Core helium burning and low-metallicity AGB stars: structure and evolution
2017-03-01T04:46:23Z (GMT) by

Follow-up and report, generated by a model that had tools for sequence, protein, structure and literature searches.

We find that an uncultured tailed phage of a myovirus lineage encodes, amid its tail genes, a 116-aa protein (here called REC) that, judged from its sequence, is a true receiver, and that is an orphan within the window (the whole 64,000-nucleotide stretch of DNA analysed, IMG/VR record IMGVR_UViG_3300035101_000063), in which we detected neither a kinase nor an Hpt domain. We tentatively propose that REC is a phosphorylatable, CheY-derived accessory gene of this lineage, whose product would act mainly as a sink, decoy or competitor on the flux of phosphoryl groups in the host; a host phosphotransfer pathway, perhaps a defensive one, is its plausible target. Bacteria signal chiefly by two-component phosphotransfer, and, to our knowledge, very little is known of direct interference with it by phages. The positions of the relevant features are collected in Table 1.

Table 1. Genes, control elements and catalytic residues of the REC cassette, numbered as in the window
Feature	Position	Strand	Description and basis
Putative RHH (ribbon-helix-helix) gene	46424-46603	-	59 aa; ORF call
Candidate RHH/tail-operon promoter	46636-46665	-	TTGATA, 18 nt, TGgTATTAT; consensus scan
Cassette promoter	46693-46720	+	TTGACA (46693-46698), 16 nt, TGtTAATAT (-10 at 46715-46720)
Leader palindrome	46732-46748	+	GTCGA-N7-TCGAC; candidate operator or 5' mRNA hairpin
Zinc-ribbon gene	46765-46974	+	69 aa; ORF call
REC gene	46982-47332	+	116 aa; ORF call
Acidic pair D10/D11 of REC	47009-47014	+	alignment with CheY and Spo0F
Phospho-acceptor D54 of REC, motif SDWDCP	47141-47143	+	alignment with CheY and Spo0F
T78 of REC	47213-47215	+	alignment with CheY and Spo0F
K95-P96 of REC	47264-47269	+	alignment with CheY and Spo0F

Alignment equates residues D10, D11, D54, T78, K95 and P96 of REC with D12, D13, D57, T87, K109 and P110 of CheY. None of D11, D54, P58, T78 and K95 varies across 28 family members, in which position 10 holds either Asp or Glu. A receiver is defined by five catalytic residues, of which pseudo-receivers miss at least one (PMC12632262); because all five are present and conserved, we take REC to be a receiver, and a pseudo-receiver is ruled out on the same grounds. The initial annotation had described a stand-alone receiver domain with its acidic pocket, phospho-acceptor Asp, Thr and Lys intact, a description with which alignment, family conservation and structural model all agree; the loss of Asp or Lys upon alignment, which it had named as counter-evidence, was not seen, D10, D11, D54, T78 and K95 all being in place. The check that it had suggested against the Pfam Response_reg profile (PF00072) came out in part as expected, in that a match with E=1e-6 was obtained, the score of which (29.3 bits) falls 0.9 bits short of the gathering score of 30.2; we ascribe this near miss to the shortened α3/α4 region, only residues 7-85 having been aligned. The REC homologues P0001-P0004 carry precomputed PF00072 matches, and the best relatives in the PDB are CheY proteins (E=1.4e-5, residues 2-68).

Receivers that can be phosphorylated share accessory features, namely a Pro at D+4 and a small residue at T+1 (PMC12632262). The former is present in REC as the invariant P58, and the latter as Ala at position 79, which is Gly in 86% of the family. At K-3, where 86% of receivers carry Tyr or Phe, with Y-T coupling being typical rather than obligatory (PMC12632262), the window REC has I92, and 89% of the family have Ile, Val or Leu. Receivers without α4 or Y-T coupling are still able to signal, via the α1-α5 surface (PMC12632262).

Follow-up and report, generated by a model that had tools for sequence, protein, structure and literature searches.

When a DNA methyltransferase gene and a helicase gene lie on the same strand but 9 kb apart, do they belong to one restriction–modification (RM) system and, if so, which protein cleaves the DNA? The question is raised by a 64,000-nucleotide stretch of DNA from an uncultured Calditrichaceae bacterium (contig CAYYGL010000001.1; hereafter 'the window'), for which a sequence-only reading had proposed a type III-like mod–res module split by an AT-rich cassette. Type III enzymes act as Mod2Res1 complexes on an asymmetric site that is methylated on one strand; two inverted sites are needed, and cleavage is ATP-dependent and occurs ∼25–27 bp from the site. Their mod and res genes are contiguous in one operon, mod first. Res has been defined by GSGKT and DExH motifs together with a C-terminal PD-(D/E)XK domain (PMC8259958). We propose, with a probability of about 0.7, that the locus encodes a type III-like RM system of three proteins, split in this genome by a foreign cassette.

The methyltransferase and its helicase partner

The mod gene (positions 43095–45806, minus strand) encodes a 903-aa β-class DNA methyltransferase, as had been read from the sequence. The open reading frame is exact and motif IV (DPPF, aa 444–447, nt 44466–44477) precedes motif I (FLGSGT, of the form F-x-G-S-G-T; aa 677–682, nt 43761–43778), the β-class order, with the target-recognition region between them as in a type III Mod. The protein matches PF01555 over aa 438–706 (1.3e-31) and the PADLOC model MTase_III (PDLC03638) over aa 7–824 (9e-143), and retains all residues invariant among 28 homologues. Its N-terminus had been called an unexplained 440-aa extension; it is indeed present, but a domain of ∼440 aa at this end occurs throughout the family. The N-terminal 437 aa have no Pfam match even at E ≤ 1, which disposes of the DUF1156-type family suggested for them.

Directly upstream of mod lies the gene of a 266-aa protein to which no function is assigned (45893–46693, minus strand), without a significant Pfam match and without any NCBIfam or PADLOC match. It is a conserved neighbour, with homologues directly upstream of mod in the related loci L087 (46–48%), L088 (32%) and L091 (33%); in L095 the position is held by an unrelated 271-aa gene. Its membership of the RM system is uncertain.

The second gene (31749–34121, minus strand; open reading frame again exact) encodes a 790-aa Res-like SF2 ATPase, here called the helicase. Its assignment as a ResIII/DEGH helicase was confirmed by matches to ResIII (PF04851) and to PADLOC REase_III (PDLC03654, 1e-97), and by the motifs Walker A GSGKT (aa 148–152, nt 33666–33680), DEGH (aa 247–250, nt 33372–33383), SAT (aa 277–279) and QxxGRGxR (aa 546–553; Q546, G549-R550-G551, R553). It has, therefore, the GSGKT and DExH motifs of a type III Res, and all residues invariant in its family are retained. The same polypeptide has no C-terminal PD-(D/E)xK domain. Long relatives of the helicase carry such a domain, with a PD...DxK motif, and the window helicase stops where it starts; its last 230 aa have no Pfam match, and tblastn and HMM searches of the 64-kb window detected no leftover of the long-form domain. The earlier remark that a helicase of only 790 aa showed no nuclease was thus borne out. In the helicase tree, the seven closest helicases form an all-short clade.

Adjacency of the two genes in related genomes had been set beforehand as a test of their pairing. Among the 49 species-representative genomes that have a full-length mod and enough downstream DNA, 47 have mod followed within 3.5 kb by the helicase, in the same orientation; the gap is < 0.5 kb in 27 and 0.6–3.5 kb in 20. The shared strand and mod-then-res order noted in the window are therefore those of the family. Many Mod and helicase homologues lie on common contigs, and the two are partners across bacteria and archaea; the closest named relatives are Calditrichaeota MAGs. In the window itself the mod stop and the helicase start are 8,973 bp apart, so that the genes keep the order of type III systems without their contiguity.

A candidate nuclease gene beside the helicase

In this thesis we scrutinize and improve theoretical models of the two helium burning stages of low-mass (less than about 8 solar masses) stellar evolution – the core helium burning (CHeB) and asymptotic giant branch (AGB) phases. Accurate stellar models of these phases are essential for the understanding of the physics of stars, the chemical evolution of galaxies, and astrophysics more generally, where the observation of starlight is paramount. In this study we use new models and observational data to investigate two particular important uncertainties during the CHeB and AGB stages that have compounding effects on the evolution. In CHeB models, feedback from convective overshoot can lead to the development of a ‘semiconvection’ zone outside the convective core that can extend the lifetime of the phase by up to a factor of two. In the later thermally pulsing-AGB phase, accounting for the opacity increase due to in situ composition changes can increase the stellar radius, and therefore mass loss rate, truncating the evolution. We compute a grid of CHeB stellar models with four different treatments of convective boundaries using the Monash University stellar evolution code MONSTAR. Theoretical non-radial adiabatic pulsations for these models are then compared with recent asteroseismic observations from the Kepler telescope. Next, we infer the horizontal branch and AGB lifetimes of globular cluster stars from star counts in HST photometry and compare these with predictions from evolution sequences with the different mixing schemes. Finally, for models of the thermally-pulsing AGB phase we incorporate into MONSTAR new low-temperature molecular opacity data that accounts for changes in the surface abundance of carbon, nitrogen, and oxygen. The effect of this update is tested by computing a grid of low-metallicity AGB models that experience the third dredge-up. We identify two distinct CHeB structures that can simultaneously match the globular cluster and asteroseismic observations: those with (i) a slowly mixing region outside the convective core that traps oscillation modes, or (ii) the largest possible convective core, requiring a novel scheme for convective overshoot. We may be able to discriminate between these two possibilities with further work, including the analysis of biases in the observed sample and multi-dimensional simulations. The inclusion of composition-dependent low-T opacity in low-metallicity models shortens the AGB lifetime, increases the mass threshold for hot bottom burning, and radically affects chemical yields. By computing initially metal-free models, we demonstrate that if the third dredge-up occurs, there is no metallicity below which composition-dependent low-T opacity may be neglected. The reduced nitrogen yield from models with the new opacity may help explain the observed numbers of carbon- and nitrogen-enhanced metal-poor stars: this should be confirmed with binary population synthesis calculations.